Does the Start of Summer Make You Want to Hide Under Your Hat?

by | Jun 10, 2021

Before the duplicate set of text books even got returned to the school, summer was upon me!

Make no mistake … summer for kids with ASD isn’t all filled with fun like they portray in the movies.

Summer … in all its routine-changing, activity-laden, and worry-filled glory … adds another dimension for parents of kids with ASD!

Don’t get me wrong, there is definitely relief in not having to fight the homework battle every day, call the school for assignment updates, disciplinary meetings, or to spend hours checking on the whereabouts of the unholy gym uniform!

It’s a respite we need as parents of kids with ASD, but summer break comes at a cost!

Summer Challenges

There are a whole new set of issues that brew in our minds creating worry during the summer.

  • Is my child losing ground by not being in the education routine?
  • Is my child safe outside to play?
  • Is my child able to play with friends or does he stand on the sideline even when there are other kids to play with?
  • Can I get my child to participate in swim lessons, ride a bike, or put on roller blades?

These thoughts often get reduced to those worrisome questions we as parents of kids with ASD ask ourselves all year long

”Am I doing enough?” or “How do I get him to participate in that?” “How do I make it easier?”

The relief we have gained from not having to deal with the rigors of school quickly gets absorbed by a new variety of other concerns.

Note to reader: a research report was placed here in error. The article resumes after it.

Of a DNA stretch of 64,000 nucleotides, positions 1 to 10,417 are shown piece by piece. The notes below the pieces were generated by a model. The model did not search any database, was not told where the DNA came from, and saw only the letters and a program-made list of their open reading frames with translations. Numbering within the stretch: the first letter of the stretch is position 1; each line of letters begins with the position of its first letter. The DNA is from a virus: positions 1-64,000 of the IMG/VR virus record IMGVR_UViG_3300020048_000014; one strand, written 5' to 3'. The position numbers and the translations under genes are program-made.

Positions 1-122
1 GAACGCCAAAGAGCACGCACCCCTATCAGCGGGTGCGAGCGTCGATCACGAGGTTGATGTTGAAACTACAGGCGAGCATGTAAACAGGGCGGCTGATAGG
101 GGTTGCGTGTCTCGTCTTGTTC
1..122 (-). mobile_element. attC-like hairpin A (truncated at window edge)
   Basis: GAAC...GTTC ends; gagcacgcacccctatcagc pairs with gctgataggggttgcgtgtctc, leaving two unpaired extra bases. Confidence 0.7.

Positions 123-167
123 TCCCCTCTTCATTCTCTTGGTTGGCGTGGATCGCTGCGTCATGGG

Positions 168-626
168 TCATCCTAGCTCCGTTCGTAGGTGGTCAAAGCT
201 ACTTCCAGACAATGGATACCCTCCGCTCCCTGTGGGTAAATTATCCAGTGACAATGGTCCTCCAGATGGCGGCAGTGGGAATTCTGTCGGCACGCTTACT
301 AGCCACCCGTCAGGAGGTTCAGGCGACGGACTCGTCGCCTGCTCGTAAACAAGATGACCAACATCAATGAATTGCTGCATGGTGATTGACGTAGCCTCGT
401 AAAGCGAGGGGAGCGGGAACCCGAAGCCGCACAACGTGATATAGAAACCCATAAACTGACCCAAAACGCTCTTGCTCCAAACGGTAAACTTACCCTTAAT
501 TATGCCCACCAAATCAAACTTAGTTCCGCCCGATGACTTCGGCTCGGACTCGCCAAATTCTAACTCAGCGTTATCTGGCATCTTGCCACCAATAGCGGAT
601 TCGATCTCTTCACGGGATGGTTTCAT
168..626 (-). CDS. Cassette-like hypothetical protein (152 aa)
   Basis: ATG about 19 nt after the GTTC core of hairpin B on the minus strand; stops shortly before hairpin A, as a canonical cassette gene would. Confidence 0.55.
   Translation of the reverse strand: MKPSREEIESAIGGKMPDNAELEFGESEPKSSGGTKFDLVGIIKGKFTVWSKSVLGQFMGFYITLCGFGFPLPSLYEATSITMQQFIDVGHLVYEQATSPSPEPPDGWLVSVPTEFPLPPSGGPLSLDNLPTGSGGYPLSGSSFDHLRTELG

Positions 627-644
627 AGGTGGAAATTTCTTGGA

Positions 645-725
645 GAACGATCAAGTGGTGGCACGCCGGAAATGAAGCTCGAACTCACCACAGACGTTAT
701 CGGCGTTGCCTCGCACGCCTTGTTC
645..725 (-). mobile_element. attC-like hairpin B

The New School Year

On top of that, we know that come fall, we will have to start over with a new teacher, new routine and new everything else! It’s especially hard if our child is of the age where he or she might be making a significant change like leaving grade school for Junior High, or graduating and moving to high school.

Many a mom has spent the latter part of the summer reaching out to the school, making arrangements for special meetings, tours of the building, and introductions to help put their child at ease once the school gets under way in earnest.

It can feel like anything BUT a vacation.

As much as I was grateful for the summer break in the routine, I felt like I paid the price by having to start from scratch again in the fall to re-establish the routine we had developed by the end of the previous school year.

The New Routine

When your child is on the spectrum, this involves so much more than just bedtime.

It’s the hygiene routine, the clothes that are being worn, the foods that are being eaten.

How much screen time, how much outdoor time, how much family time…

One strategy is to participate in summer school, thus keeping some of the routine of learning intact through most of the summer.

That helped me to minimize the worst of the stubborn refusal to participate in educational activities – well, at least it took the edge off because my sons weren’t out of school for 8-10 weeks at a time, but only 2-3 weeks.

During the summer there is also the inevitable battle over screen time.

How much is enough, and how do I get my computer-loving son outside to engage with other children.

Never having forged strong friendships in school, the concept of “playing with friends” was not in his social vocabulary.

“When you have a child with ASD, the freedom that summer affords many families is colored by a different set of concerns that may have played second fiddle to school during the school year.”

Even playing with neighborhood children was not a very successful endeavor.

He would come in saying it was too hot, or he didn’t like the activity the kids were engaged in, or he wanted to be where it was quiet.

When you have a child with ASD, the freedom that summer affords many families is colored by a different set of concerns that may have played second fiddle to school during the school year.

And it leaves many parents of kids with ASD asking …

Isn’t there a better way?

Explore NAA Training

Parents
Training

Professionals
Training

Educators
Training

Stay Current on Autism News!

Receive insightful articles, personal stories, and reliable information for caregivers, teachers, therapists and other family members straight to your email inbox.

Share This